By Kevin Deutsch
A woman purporting to be a Tamarac psychic swindled three men out of more than $53,000 in cash and gold jewelry after she promised to double their money using a special ritual, according to the Broward Sheriff’s Office.
The victims, whose names are being withheld under Marsy’s Law, told deputies the woman wore a brown wig, used a COVID face covering, and identified herself only as “Elizabeth.” With her female assistant present, she said she would perform a special ritual to “bless” their current wealth and “double it,” according to a BSO investigation report.
Instead, the mens’ visits ended with their pockets empty and Elizabeth in the wind, deputies said.
According to BSO, the con began after the first victim, 53, “heard an ad on the radio about a psychic who could turn people’s fortunes around for the better so; naturally, he decided to try this skilled psychic’s abilities on himself,” deputies wrote, with a bit of tongue-in-cheek.
On July 30, that victim went to the Tamarac address given during the 92.3 FM radio ad: commercial space in the 5400 block of N. State Rd. 7, the report states. There, he forked over $350 to Elizabeth in exchange for a palm reading.
“In the session, Elizabeth apparently won [his] trust with her abilities, to the point that she offered him a special ritual to bless his current wealth and double it by performing a specific ceremony,” deputies wrote.
According to the report, the victim handed Elizabeth $6,400 more in cash and $10,460 in gold jewelry, which she said she would bless and return to him no more than two days later.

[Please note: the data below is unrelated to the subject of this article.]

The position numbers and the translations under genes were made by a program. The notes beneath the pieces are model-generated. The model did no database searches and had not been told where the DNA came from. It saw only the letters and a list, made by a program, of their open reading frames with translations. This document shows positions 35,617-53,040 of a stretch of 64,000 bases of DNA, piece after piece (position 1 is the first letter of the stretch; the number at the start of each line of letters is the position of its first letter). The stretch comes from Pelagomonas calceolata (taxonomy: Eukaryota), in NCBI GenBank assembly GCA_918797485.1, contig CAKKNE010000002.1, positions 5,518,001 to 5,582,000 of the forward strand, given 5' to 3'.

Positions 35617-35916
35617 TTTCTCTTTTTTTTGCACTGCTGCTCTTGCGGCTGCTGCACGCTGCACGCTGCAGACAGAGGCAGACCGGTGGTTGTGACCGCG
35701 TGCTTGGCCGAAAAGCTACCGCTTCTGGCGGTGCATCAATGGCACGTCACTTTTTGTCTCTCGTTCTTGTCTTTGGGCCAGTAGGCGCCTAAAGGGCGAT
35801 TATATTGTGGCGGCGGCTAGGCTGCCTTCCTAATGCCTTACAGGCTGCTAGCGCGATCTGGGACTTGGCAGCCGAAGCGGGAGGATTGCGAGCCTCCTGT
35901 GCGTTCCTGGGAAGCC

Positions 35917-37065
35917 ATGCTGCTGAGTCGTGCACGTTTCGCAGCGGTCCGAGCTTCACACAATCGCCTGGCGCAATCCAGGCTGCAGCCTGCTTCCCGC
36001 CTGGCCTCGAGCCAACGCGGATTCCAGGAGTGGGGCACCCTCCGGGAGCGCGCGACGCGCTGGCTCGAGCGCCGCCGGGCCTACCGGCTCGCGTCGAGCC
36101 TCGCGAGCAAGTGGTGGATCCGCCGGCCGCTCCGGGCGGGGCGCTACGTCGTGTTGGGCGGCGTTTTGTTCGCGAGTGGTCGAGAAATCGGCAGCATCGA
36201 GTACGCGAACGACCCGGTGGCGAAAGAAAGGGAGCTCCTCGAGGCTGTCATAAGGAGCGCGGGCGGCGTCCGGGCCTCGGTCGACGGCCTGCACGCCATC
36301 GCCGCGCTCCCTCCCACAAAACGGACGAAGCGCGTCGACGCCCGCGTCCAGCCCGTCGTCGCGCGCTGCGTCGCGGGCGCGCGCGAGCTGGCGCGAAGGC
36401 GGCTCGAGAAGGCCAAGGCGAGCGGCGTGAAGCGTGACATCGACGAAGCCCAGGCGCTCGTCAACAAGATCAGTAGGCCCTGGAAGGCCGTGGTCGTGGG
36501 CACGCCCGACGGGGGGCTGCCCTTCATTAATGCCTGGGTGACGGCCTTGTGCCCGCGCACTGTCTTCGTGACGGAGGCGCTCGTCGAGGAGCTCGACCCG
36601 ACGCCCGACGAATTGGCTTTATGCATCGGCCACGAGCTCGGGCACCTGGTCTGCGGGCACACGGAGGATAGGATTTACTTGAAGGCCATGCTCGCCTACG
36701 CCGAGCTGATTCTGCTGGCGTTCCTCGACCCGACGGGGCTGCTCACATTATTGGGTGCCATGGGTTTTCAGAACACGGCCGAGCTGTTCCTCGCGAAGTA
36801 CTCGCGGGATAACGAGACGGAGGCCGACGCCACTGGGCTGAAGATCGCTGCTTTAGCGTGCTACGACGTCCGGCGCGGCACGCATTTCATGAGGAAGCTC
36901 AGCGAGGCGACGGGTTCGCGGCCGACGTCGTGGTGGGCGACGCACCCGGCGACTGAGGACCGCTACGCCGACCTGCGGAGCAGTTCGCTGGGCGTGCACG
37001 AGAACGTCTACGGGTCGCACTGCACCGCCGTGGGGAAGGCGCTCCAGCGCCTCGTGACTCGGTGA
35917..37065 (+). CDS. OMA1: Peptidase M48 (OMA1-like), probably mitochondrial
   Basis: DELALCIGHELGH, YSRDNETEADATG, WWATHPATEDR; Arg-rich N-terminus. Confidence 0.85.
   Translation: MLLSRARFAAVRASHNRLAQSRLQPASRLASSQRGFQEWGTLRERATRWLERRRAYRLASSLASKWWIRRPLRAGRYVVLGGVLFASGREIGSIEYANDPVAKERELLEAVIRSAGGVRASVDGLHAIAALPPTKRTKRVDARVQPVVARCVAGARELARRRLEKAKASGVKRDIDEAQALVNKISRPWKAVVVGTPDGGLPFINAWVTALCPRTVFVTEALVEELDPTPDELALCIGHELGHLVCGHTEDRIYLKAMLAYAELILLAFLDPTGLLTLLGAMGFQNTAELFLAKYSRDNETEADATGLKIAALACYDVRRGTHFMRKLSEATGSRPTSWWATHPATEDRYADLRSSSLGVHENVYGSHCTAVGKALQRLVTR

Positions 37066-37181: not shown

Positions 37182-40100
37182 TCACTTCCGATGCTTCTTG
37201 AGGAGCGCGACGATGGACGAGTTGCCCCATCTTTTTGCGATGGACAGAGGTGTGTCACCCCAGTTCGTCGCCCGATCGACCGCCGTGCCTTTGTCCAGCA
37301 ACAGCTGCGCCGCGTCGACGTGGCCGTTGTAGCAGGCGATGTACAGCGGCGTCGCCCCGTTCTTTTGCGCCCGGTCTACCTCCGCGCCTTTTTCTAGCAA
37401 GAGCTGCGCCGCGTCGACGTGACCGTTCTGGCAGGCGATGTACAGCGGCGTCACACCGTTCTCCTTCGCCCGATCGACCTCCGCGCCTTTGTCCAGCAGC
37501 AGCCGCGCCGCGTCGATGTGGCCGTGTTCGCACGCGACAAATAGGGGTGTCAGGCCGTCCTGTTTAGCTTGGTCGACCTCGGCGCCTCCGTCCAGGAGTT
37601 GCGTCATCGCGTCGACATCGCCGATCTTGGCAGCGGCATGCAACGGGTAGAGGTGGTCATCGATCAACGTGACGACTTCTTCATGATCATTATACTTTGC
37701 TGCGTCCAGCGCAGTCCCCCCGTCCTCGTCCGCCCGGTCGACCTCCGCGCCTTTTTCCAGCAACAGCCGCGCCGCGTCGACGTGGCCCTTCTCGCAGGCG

She told the second victim, 45, and the third victim, 57, the same thing after they gave her $20,240 in cash and about $1,700 worth of gold jewelry, and $2,240 in cash and $12,626 worth of jewelry, respectively, the report states.
The men never heard from Elizabeth or her assistant again; they told BSO.
After the second day of not hearing back, they phoned her and visited her office. But the phone was shut off, and no one was at the property, records show.
One of the victims hired a Miami-based private investigator to track Elizabeth down. He told deputies.
The men reported the crimes to BSO on Aug. 7. No arrests have been announced as of Aug 25.
Concerning the fraud, BSO’s Economic Crimes Unit offered the following advice to the public:
“If a financial offer sounds too good to be true, it probably is. Always seek the advice of a licensed financial professional. Think critically and ask for advice before making important financial decisions. When making important financial decisions, make sure you get the full name, title, and phone number/email of the person you’re dealing with…Don’t be pressured into making an important financial decision. Trust your instincts. Take time to think through the process and weigh your options.”
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